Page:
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Sun, 10/28/2018 - 13:57
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LSPR Jakarta Provides Higher Education Program For Autistic Children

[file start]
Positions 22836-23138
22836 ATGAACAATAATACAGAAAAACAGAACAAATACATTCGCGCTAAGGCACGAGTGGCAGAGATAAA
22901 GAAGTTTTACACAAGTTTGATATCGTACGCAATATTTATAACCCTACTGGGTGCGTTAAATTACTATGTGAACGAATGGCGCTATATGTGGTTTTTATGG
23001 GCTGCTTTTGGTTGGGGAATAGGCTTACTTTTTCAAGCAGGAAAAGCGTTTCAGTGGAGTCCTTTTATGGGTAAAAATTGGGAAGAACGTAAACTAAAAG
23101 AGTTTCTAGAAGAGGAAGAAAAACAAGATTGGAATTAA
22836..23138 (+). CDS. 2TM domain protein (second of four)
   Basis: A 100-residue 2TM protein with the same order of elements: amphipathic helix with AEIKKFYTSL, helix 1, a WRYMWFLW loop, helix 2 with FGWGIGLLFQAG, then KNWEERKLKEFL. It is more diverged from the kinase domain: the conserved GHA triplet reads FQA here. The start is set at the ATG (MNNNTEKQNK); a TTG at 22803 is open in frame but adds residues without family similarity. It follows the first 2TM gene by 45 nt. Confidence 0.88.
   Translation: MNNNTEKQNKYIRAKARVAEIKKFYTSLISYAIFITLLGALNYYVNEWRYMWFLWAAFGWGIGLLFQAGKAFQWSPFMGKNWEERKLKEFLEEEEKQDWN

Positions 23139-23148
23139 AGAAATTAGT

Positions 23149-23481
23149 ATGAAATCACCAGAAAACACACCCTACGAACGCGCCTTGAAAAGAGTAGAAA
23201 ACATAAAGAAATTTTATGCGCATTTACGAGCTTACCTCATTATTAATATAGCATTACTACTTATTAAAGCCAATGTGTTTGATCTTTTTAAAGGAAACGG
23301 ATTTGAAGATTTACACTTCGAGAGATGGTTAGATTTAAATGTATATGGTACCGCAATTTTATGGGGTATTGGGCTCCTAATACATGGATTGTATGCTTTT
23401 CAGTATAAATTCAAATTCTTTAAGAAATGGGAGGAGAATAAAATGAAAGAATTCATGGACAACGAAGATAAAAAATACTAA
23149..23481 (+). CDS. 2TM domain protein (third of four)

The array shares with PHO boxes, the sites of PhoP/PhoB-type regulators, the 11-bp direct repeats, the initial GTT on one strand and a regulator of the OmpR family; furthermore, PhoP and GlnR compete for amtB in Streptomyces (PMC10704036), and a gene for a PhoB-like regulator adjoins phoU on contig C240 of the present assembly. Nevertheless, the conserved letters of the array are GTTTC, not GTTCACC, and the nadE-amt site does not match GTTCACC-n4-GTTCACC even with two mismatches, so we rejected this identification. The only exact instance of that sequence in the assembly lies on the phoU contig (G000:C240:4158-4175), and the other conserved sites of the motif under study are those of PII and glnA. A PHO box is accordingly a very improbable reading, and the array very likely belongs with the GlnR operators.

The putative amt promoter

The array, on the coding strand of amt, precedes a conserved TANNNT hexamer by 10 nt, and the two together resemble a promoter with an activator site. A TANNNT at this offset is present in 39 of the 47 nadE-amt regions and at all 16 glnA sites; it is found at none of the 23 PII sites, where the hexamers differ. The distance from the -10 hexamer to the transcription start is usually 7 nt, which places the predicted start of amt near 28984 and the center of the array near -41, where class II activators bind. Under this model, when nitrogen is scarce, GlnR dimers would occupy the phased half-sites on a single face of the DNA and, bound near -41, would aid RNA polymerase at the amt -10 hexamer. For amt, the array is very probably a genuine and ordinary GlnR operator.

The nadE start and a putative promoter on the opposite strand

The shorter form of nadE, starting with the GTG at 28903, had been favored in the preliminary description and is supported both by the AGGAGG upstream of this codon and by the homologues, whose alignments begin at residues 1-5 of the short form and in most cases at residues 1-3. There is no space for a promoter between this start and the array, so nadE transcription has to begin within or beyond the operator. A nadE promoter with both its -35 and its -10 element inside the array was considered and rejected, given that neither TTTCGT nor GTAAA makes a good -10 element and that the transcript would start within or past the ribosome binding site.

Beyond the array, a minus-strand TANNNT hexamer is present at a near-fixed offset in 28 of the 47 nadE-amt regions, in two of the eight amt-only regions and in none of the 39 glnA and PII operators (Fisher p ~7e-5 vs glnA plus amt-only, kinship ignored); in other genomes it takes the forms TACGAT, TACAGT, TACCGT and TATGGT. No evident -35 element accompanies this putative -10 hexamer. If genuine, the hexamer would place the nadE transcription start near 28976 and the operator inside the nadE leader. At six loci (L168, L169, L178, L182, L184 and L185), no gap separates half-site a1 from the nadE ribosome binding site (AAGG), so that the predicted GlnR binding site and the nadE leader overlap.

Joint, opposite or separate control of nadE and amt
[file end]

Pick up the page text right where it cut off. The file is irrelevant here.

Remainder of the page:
Jakarta, October 28 (ANTARA) - London School of Public Relations (LSPR) Jakarta is conducting a higher educational program for autistic children by employing various methods to enable them to learn and interact with people around them. "Children with autism encounter challenges in communicating with others. The LSPR strives to offer an opportunity to children with autism to continue their education and obtain academic degrees by inculcating knowledge that can be useful to other people," Founder and Director of LSPR Jakarta Prita Kemal Gani informed reporters here on Friday (Oct 19). Gani explained that children with autism, who study at LSPR, take special classes. At certain times, they will join regular classes to meet and interact with other students. "This is a `buddy system` program. The goal is that children with autism can make friends, while for other students, they will have empathy for those with special needs," Gani explained, adding that with such a method, LSPR has graduated several autistic students, who are able to work according to their talents and interests. He stressed that children with autism actually have the same abilities as other kids, such as in the fields of sports, arts, and technology. "If our children are educated, they can study and work and that can make them feel useful," Gani remarked. However, educating autistic children is still a challenge in Indonesia, considering the number of therapies and teachers with an educational background for handling people with special needs are still quite limited. Gani remarked that the LSPR also organizes parent siblings program that brings together parents with autistic children to share their knowledge and experiences. In addition, LSPR holds training for teachers, who specifically teach children with special needs. "So far, there are three thousand schools participating in this program," she noted. On the same occasion, Chairperson of the Indonesia Autism Foundation Dr Melly Budhiman explained that autism in Indonesia had not become a concern until 1997. "In the 80s, I handled autistic children but only about three cases per year. At that time, parents complained that their children were bullied at school, and they were also excluded by other families and people, as they had children with autism," Dr Budhiman, who is also a child psychiatrist, explained. She noted that in 1997, when autism had received attention by the community, several parents and doctors established YAI, one of the objectives being to educate people on autism. Although children with autism face difficulties in communicating, they can recover from the disorder and live like other people. In fact, several children with autism are able to complete higher education with majors, including in education, archeology, mechanical engineering, and even become a medical doctor, Dr Budhiman added.